Simply put, the purpose of CPR is to keep oxygen rich blood flowing to the brain and other vital organs if the heart or lungs stop working on their own. The medical term for this is “loss of automatic function.”
The primary function of the heart is to pump blood to the body and the primary function of the lungs is to fill the blood with oxygen. This is what sustains life. So, when either the heart or the lungs stop working on their own, CPR is most likely needed.
When a rescuer pushes down on the chest of victim, she is literally pumping the heart. And when a rescuer is breathing into the mouth of a victim, she is literally providing oxygen. At it’s core, CPR is as simple as that.
Choking relief techniques are designed to manually stimulate a forceful cough. Coughing is the bodies natural way of dispelling an object in the throat or lungs. That’s why we cough when we have phlegm.
If a victim is truly choking on an object, he or she will not be able to naturally cough. For infants, the cough is simulated by giving firm back blows. For adults, the cough is simulated by wrapping the arms around the upper belly and thrusting inward and upward with a fist.
Movies typically miss the point of CPR. It is often used as a plot device to create tension and drama. The hero goes unconscious and a bystander heroically performs a few chest compressions and rescue breaths. In less than 10 seconds, the hero sputters back to life and is ready to go.
Real CPR is nothing like this. In fact, the chances of somebody regaining consciousness or automatic function is slim. More often than not, CPR is nothing more than a stop-gap technique while 911 is on the way.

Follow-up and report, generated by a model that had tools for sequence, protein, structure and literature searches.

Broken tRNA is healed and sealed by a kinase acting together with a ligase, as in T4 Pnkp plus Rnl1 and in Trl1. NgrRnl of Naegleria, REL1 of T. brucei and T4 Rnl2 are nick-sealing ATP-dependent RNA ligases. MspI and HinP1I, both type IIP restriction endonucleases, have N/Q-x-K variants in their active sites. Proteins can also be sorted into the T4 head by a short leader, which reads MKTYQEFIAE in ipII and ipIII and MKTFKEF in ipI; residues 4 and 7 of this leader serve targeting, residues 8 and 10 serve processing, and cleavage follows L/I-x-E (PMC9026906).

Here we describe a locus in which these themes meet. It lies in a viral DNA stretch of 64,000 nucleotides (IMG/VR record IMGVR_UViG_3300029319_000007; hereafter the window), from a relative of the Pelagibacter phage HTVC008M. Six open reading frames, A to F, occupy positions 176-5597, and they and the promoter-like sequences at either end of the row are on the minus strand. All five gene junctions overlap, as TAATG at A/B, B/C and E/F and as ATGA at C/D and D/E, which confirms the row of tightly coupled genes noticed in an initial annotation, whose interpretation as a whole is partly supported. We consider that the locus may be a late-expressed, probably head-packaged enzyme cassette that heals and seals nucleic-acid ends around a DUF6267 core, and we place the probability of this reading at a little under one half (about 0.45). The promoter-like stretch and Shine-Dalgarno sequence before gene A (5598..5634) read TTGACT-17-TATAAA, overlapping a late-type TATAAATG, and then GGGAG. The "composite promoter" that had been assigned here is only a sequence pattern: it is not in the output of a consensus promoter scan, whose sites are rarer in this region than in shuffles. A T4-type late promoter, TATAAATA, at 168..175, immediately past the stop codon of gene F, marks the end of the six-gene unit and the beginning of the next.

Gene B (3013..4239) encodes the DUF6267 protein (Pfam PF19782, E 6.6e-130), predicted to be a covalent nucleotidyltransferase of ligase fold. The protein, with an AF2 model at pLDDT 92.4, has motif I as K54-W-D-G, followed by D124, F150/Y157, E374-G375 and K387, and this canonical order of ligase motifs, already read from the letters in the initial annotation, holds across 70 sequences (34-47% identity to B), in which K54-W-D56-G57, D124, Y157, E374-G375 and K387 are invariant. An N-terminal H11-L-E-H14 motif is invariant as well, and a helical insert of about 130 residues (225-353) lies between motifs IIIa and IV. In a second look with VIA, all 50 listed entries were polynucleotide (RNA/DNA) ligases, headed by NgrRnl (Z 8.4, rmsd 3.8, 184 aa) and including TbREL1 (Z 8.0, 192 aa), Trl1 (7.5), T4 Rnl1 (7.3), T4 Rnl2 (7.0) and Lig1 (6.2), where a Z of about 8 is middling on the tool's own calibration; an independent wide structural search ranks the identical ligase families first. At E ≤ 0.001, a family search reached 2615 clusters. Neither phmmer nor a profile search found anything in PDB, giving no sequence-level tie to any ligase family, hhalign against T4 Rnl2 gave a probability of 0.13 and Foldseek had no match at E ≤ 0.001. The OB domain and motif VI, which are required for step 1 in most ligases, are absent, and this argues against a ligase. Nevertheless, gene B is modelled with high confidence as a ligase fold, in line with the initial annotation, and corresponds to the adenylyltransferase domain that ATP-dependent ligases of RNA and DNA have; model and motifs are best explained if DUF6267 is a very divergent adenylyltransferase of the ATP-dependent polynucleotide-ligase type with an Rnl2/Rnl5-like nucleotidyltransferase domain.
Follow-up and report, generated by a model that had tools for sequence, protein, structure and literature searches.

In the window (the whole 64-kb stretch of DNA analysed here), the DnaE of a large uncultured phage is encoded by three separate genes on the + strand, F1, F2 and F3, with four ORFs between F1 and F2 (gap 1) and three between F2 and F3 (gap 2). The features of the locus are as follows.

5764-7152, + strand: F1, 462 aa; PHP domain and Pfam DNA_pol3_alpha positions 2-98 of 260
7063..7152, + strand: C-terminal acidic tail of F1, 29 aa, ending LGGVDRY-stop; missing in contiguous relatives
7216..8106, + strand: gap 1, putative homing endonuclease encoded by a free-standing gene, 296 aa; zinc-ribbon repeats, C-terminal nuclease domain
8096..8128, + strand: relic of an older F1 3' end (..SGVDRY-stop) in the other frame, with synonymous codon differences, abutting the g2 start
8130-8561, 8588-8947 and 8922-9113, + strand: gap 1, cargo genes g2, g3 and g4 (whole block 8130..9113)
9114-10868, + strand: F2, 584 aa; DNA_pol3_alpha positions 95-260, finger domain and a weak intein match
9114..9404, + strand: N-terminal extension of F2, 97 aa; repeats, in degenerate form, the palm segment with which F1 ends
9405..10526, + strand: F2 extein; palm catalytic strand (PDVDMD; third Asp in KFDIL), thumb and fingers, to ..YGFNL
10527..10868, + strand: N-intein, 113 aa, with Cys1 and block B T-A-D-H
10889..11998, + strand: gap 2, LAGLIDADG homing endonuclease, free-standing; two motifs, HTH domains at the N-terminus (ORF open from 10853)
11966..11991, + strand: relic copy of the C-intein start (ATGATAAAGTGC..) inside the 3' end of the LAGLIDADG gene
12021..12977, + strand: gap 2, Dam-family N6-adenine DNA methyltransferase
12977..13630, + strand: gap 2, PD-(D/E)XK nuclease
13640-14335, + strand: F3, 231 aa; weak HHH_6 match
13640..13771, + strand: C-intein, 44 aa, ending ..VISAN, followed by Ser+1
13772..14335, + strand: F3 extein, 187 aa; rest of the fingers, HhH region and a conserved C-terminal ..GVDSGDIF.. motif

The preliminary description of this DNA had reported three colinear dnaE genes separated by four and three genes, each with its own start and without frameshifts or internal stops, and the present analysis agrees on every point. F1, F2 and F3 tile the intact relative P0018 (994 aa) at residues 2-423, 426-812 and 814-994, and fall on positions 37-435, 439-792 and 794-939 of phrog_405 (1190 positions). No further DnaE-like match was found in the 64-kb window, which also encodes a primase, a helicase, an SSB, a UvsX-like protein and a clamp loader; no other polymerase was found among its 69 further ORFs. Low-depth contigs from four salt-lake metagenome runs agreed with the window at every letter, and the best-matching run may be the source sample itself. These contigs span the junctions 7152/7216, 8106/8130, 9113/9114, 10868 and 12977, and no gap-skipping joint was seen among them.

CPR is messy and extremely tiring. It’s a profoundly physical act that requires a tremendous amount of exertion, especially if the rescuer is giving proper chest compressions. Additionally, the victim will likely not regain consciousness until advanced medical help arrives on the scene.
The basic lifesaving techniques of Cardiopulmonary Resuscitation (CPR) are vital for any caregiver to know.
Remember, the primary function of CPR is to manually do what the heart and the lungs have ceased to do on their own. When performed properly, CPR can help maintain oxygenated blood flow to vital organs –– the most important being the brain.
If an infant or a child has lost consciousness, stopped breathing, or has lost a heartbeat, CPR can be used to keep blood flowing while emergency medical help is on the way. In most cases, medical emergencies that require CPR occur away from immediate advanced medical providers like a hospital or an ambulance.
The bottom line –– when dealing with a life-threatening situation, performing CPR on an infant often yields the best chance of survival.
For infants and children, the situations that most often call for CPR include choking, drowning and heart failure.
Other medical emergencies that may require CPR:
The following section highlights key medical statistics and information as they relate to CPR, pediatrics and cardiology. Click on one of the following regions to begin.